Two sisters share helpful tips for dealing with a parent’s cancer diagnosis in this debut how-to guide for teens.
In 2013, the Carr sisters had a comfortable life in California. Katherine was a high school senior about to attend Stanford University, and Jacqueline, 14, was a member of the swim team. But when their single mother was diagnosed with esophageal cancer, the family didn’t hesitate in preparing for it. Together, they researched the disease and worked with doctors and insurance companies to find the best treatment plan. They investigated complementary treatments and adapted to a primarily vegan lifestyle that reduced the amount of sugar in their diets and boosted their mother’s intake of juiced vegetables. They also invested in massage and yoga practice. In this book, the Carr sisters emphasize the importance of calm and encourage young-adult readers to create a joyful home atmosphere by painting walls and brightening rooms. The sisters were the primary caretakers throughout their mother’s illness and relied on help from neighbors, friends, and hospital staff. They detail the ways in which they managed to get time off from school and homework—necessities for any teenager going through a similar situation. The author also discusses how one can make the time spent in waiting rooms emotionally and practically productive. The book’s first half provides a solid understanding of how the sisters became experts in this field, and it also demonstrates their compassionate, hopeful spirit. Although the autobiographical elements are usually casual and lighthearted, there are moments, such as when the mother returns from surgery, which reveal how emotionally painful a cancer battle can be. An alphabetic tip guide featuring playful suggestions and essential tasks dominates the second half. This list will provide a teenage reader with a general idea of his or her responsibilities, but it isn’t an in-depth guide to resolving the financial and emotional difficulties associated with cancer, and the book frequently points readers toward websites for more information.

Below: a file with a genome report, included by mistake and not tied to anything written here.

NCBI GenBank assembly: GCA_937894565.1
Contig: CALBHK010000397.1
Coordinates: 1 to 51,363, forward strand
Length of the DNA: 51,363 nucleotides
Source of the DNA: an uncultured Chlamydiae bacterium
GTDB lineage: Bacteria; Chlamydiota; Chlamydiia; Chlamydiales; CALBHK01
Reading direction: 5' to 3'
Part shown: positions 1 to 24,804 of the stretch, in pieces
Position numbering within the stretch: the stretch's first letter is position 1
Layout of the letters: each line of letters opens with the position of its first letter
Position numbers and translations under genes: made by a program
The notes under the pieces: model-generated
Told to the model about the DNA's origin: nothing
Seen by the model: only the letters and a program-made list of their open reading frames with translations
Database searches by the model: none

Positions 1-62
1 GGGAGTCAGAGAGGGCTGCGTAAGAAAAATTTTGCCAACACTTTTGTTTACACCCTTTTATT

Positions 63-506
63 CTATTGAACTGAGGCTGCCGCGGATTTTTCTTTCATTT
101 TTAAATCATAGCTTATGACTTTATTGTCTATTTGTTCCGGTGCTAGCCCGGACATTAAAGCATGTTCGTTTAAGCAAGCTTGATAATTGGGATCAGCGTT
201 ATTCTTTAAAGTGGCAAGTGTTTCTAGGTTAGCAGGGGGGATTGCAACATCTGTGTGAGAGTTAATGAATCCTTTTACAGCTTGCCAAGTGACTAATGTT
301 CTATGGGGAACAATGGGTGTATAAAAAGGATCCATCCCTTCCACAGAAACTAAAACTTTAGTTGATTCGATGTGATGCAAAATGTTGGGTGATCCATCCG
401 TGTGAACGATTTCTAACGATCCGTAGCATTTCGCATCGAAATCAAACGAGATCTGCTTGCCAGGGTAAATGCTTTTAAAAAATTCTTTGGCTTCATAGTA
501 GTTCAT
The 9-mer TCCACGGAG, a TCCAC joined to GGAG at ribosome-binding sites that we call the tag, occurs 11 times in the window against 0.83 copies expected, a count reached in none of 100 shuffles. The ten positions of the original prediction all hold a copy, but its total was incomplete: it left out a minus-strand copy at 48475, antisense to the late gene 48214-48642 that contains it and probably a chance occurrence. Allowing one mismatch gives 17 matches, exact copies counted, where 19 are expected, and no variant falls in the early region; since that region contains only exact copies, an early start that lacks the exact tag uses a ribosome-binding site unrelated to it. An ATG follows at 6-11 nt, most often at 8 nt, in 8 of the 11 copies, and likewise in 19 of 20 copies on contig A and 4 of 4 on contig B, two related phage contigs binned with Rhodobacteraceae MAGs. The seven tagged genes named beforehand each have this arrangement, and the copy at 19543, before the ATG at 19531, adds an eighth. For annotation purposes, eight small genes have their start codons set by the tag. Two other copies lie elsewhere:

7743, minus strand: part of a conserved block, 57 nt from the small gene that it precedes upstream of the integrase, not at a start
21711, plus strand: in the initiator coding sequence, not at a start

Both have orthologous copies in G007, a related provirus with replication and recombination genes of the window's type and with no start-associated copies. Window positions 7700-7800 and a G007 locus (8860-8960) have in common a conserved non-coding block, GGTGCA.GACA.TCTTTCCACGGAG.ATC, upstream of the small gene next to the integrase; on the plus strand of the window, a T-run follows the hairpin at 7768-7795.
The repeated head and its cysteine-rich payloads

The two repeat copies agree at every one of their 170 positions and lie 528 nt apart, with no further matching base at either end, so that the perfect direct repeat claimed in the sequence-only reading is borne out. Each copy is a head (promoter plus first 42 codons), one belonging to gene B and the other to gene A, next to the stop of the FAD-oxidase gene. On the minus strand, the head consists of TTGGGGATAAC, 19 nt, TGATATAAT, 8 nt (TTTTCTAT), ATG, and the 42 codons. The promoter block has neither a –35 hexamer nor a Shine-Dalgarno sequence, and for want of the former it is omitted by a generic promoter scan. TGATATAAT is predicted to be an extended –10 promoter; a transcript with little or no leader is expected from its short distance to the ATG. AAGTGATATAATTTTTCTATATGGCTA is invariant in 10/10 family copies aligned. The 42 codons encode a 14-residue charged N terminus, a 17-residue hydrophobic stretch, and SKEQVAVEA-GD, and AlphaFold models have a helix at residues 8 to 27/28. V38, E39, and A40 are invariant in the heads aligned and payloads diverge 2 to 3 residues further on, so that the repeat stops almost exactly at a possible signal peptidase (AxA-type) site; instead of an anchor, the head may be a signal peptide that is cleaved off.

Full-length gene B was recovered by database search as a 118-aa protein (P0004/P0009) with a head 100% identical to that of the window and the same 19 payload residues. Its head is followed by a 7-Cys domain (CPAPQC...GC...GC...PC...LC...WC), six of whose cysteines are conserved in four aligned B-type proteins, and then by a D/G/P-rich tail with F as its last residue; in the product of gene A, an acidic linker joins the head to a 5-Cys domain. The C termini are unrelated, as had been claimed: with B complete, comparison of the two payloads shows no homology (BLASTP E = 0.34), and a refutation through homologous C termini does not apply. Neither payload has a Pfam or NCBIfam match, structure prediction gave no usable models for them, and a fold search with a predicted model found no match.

A good manual for teens seeking direction after a parent’s diagnosis.